LGBT Survey Sends a Message: Pay Attention to This Market
by Ana Figueroa

Tourism spend by the LGBT (lesbian, gay, bisexual and transgender) market will exceed $200 billion by 2014. That’s the eye-popping figure released earlier this month at World Travel Market in London.

The data comes from the new LGBT2020 survey conducted by the travel trade association Out Now Business Class (ONBC). An affiliate of the global marketing firm Out Now Global, ONBC’s 2,300 members include hotels, brand managers and other decision makers involved in LGBT tourism.

Figures tell the story
“Travel agents will find the research trends significant in a number of ways,” Out Now Global CEO Ian Johnson told Travel Market Report.

For one thing, the sheer numbers in the LGBT2020 findings show that the market has outgrown its designation as a mere niche, Johnson said.

With an annual spend of $56.5 billion, the U.S. is the largest source of LGBT tourism dollars. That’s a market agents can’t afford to ignore, Johnson said.

The LGBT market is also growing.

“The terrific thing about tourism is that there are always new travelers,” Johnson said. “People are more and more comfortable about being out. They feel safer being out.”

Destinations and interests
Johnson noted new trends in destinations that appeal to LGBT travelers.

“The first wave of consumers has now passed through the expected destinations. They’re done and dusted. The LGBT consumer has been there, done that and bought the T-shirt,” said Johnson.

By “expected destinations,” Johnson meant cities like Berlin, New York, San Francisco, Sydney and London.

A growing trend now is travel to a second wave of smaller, more unexpected LGBT destinations, including Stockholm, Helsinki, Manchester, England, and Australia’s Gold Coast.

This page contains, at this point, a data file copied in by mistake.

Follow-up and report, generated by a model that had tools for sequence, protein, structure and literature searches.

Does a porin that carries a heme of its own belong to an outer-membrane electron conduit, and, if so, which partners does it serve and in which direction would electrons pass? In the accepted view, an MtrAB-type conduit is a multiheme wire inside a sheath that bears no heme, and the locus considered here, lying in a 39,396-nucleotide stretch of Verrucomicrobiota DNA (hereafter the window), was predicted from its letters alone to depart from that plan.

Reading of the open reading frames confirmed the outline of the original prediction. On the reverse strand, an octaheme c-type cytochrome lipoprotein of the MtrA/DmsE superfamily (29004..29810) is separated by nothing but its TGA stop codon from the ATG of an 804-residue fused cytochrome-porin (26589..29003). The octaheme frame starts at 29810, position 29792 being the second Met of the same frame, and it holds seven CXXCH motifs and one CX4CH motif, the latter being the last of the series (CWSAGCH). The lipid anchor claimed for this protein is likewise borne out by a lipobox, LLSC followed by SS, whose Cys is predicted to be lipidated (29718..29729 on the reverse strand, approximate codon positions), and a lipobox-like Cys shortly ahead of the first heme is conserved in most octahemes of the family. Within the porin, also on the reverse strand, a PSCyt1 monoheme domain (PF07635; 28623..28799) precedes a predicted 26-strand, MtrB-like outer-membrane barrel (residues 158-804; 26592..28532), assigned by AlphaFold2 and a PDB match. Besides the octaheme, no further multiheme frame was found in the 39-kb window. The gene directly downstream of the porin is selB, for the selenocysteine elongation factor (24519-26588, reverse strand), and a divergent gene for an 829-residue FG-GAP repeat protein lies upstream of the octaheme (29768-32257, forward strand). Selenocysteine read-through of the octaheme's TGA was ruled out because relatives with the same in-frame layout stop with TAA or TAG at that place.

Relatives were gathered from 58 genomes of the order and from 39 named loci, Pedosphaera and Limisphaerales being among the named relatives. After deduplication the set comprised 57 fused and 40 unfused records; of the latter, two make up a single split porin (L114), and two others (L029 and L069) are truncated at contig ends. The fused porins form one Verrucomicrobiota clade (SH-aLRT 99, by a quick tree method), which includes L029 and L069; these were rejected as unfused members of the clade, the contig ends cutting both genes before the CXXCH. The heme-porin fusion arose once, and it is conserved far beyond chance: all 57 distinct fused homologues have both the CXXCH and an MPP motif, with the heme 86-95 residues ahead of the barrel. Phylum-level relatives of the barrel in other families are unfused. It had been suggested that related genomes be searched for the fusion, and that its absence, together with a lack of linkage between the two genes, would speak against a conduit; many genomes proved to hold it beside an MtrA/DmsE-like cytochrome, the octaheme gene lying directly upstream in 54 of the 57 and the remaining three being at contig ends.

Genre travel
The LGBT2020 data also honed in on specific types of travel.

“In terms of leisure activities, dining and gastronomy are very big in this market,” said Johnson.  

Interest in adventure travel and honeymoon travel is also rapidly increasing, he added.  

“More and more states are allowing gay marriage,” said Johnson. “Couples are deciding where to marry and also where to honeymoon.

“A big trend we see is that people are choosing places where equality is part of the local landscape. Seventy-three percent in our study responded that they are either greatly or moderately influenced by how the locals are treated.”

Booking preferences
In its look at booking preferences, LGBT2020 found that price comparison websites such as kayak.com are most popular for booking hotels and airlines. Direct bookings with hotel or airline websites were a second-ranked choice.

But there’s good news for agents as well.

“We found that a significant portion of the market prefers to use travel agents. Opportunities are there,” said Johnson.

Agents can tap into those opportunities through social media platforms and other marketing programs that target LGBT clients, Johnson advised.

Tourism boards, hotels and destinations are already doing that, he added.

In fact, a number of global tourism entities announced new initiatives directed at the LGBT community at World Travel Market.

Among them are the Greater Fort Lauderdale Convention & Visitor Bureau and the Mexico Tourism Board. The latter’s  #MexicoFriendly LGBT marketing campaign resulted in expanded programs designed to engage the LGBT community in 2014.

Reaching the market  
Out Now Business Class offers training, education and networking to suppliers and destinations who want to target LGBT travelers. Courtesy, sensitivity and professional customer service are crucial, as they are for any market.

“Our trends research shows that one of the simplest commodities is the most important to the LGBT traveler: respect,” Johnson said.

“The number one concern people cite when planning a trip is, will they feel welcomed? That’s an important thing for agents to know.”

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Tip of the Day

Travel advisors should reach and assist travelers during the ‘micro-moments’ of the travel experience, reinforce their value-add to consumers, and refer them to digital tools when appropriate. As the online and offline travel worlds come together, everything has changed while nothing has changed.

Dave Pavelko
Partnerships director for Travel Google Inc.

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